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Whistling Sling Bullets Were Roman Troops’ Secret ‘Terror Weapon’

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Republication from livescience.com/

Some of the Roman sling bullets found at the Burnswark Hill battle site in Scotland. The two smallest bullets, shown at the bottom of this image, are drilled with a hole that makes them whistle in flight.
(Image: © John Reid/Trimontium Trust)

Some 1,800 years ago, Roman troops used “whistling” sling bullets as a “terror weapon” against their barbarian foes, according to archaeologists who found the cast lead bullets at a site in Scotland.

Weighing about 1 ounce (30 grams), each of the bullets had been drilled with a 0.2-inch (5 millimeters) hole that the researchers think was designed to give the soaring bullets a sharp buzzing or whistling noise in flight.

The bullets were found recently at Burnswark Hill in southwestern Scotland, where a massive Roman attack against native defenders in a hilltop fort took place in the second century A.D. [See Photos of Roman Battle Site and Sling Bullets]

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Romans vs Celts in Aquileia, Italy

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Aquileia was founded in 181 BC as a Roman colony to prevent Celtic incursions in the Italian interior. Soon the Celtic tribes of N/Eastern Alpine Italy, Pannonia and other neighbouring regions, reacted by force to this colonisation and I suppose that the image depicts a modern reenactment of the battle

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Ancient Roman port history unveiled

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Republication from LA TROBE UNIVERSITY

Researchers successfully reconstructed anthropic influences on sedimentation, including dredging and canal gates use, in the ancient harbour of Portus – a complex of harbour basins and canals that formed the hub of commerce in the capital of the Roman Empire.

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Legio VI in action

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A superb reenactment photo by D.Freschet, of the Legio VI reenactment group (Bellegarde 2011) (credit: Legio VI/ D.Freschet). Unfortunately I do not know the exact  name of the group. All I know is that they’ve made an excellent work.

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Palintonon (ballista) heavy catapult

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Detailed diagrams of a gigantic palintonon (παλίντονον), around 334 BC (siege of Halicarnassos), probably by E.W. Marsden. The palintonon was a Hellenic heavy catapult, mostly stone-throwing, which was constructed in various scales (from just heavy to enormous). It was invented and intensively used by the Greeks in the early or mid-4th century BCE but it was soon adopted by the Carthaginians, the Romans and other ancient states. It became a ‘beloved’ weapon for the Republican and Imperial Romans: they called it ‘ballista’, but the correct initial version was ‘ballistra’ (βαλλίστρα), also a Greek term from the verb ‘βάλλω’ that is “to shoot”.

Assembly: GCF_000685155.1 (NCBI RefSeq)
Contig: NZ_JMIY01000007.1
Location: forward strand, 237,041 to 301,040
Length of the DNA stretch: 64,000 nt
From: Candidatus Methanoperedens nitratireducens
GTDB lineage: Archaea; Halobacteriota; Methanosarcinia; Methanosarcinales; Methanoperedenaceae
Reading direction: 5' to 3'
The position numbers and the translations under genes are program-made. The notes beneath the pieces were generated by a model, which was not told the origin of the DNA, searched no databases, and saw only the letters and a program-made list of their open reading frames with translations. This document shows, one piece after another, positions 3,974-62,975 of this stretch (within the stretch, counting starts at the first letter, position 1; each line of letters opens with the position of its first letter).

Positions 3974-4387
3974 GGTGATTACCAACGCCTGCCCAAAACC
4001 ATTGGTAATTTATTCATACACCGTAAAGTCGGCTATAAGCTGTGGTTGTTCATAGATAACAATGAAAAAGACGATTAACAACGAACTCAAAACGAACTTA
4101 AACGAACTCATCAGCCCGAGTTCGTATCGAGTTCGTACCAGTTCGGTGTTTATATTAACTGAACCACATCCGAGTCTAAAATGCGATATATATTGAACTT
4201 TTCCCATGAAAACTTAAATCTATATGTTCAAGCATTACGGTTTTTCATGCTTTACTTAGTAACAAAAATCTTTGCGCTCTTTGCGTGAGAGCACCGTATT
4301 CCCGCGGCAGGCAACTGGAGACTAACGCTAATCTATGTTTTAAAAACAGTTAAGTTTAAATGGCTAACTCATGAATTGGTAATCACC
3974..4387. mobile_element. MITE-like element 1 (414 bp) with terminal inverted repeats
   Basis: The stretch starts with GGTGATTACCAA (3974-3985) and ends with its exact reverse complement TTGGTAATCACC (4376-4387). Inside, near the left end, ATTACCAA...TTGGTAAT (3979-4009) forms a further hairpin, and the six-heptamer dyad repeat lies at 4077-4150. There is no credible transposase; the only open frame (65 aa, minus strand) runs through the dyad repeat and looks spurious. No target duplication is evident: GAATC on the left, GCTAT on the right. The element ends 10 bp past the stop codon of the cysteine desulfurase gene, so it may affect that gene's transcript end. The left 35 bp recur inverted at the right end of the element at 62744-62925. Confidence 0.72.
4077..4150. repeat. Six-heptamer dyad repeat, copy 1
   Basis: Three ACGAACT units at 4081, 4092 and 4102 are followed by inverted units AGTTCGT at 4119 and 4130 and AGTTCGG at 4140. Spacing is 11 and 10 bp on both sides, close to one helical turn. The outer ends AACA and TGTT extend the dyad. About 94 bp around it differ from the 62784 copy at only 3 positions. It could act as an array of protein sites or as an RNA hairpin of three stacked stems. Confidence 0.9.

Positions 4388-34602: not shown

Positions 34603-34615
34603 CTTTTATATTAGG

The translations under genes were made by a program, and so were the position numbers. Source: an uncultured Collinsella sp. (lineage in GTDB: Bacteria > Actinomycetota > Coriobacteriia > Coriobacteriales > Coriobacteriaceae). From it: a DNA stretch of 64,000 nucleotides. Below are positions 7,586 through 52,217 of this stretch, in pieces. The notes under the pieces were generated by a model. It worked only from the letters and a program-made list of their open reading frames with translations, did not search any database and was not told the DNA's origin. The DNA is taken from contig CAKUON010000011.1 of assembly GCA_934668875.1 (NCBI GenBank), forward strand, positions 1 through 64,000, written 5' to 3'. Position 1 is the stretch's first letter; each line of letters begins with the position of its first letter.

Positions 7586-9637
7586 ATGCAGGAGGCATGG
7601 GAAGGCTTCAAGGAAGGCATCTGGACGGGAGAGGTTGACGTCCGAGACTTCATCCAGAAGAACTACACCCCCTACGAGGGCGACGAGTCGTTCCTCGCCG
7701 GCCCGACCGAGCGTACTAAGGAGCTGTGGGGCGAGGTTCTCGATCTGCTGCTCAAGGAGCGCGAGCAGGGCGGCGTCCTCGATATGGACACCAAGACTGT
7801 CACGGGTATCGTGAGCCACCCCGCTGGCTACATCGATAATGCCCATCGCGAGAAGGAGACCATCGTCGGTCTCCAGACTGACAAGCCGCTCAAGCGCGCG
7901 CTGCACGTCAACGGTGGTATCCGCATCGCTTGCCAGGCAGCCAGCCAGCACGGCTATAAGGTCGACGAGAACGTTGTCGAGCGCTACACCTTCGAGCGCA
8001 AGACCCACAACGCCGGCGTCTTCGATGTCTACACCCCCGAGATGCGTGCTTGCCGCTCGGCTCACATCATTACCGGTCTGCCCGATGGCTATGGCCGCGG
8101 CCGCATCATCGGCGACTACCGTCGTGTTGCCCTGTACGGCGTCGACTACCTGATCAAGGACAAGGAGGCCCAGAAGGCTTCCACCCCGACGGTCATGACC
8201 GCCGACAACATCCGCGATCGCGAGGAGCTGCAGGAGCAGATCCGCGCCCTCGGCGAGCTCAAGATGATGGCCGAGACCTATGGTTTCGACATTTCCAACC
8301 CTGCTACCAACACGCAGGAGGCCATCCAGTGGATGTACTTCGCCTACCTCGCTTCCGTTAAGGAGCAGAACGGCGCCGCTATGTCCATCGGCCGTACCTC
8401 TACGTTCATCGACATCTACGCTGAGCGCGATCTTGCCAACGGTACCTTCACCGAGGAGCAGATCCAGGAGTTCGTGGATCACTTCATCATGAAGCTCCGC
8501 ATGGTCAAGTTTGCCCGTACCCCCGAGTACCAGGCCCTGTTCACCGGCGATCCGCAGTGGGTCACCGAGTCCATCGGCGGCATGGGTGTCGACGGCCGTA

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Remains of weapons, sandals and coins shed new light on Roman conquest of Northwest Iberia

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Republication from  www.exeter.ac.uk  (University of Exeter)

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Reenactment in Spain – Image Credit : Franciscojh -Wikimedia commons

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Newly discovered remains of weapons, hobnails from sandals and coins will help experts piece together the untold story of how the Romans won control of Galicia and Northern Portugal from local tribes for the first time.

Archaeologists have found the oldest evidence yet of the presence of legions in Galicia in the Penedo dos Lobos Roman camp (Manzaneda, Ourense, Galicia). This significant discovery will help to redefine the history of the period.

Until now historians had found few clues about the actions of Roman soldiers in these regions. The findings show some, smaller groups, of legionnaires were probably sent on scouting missions in the area to investigate the landscape, rather than to fight, suggesting the region was already under Roman control by the end of 1st century BC, when the bronze coins found were made.

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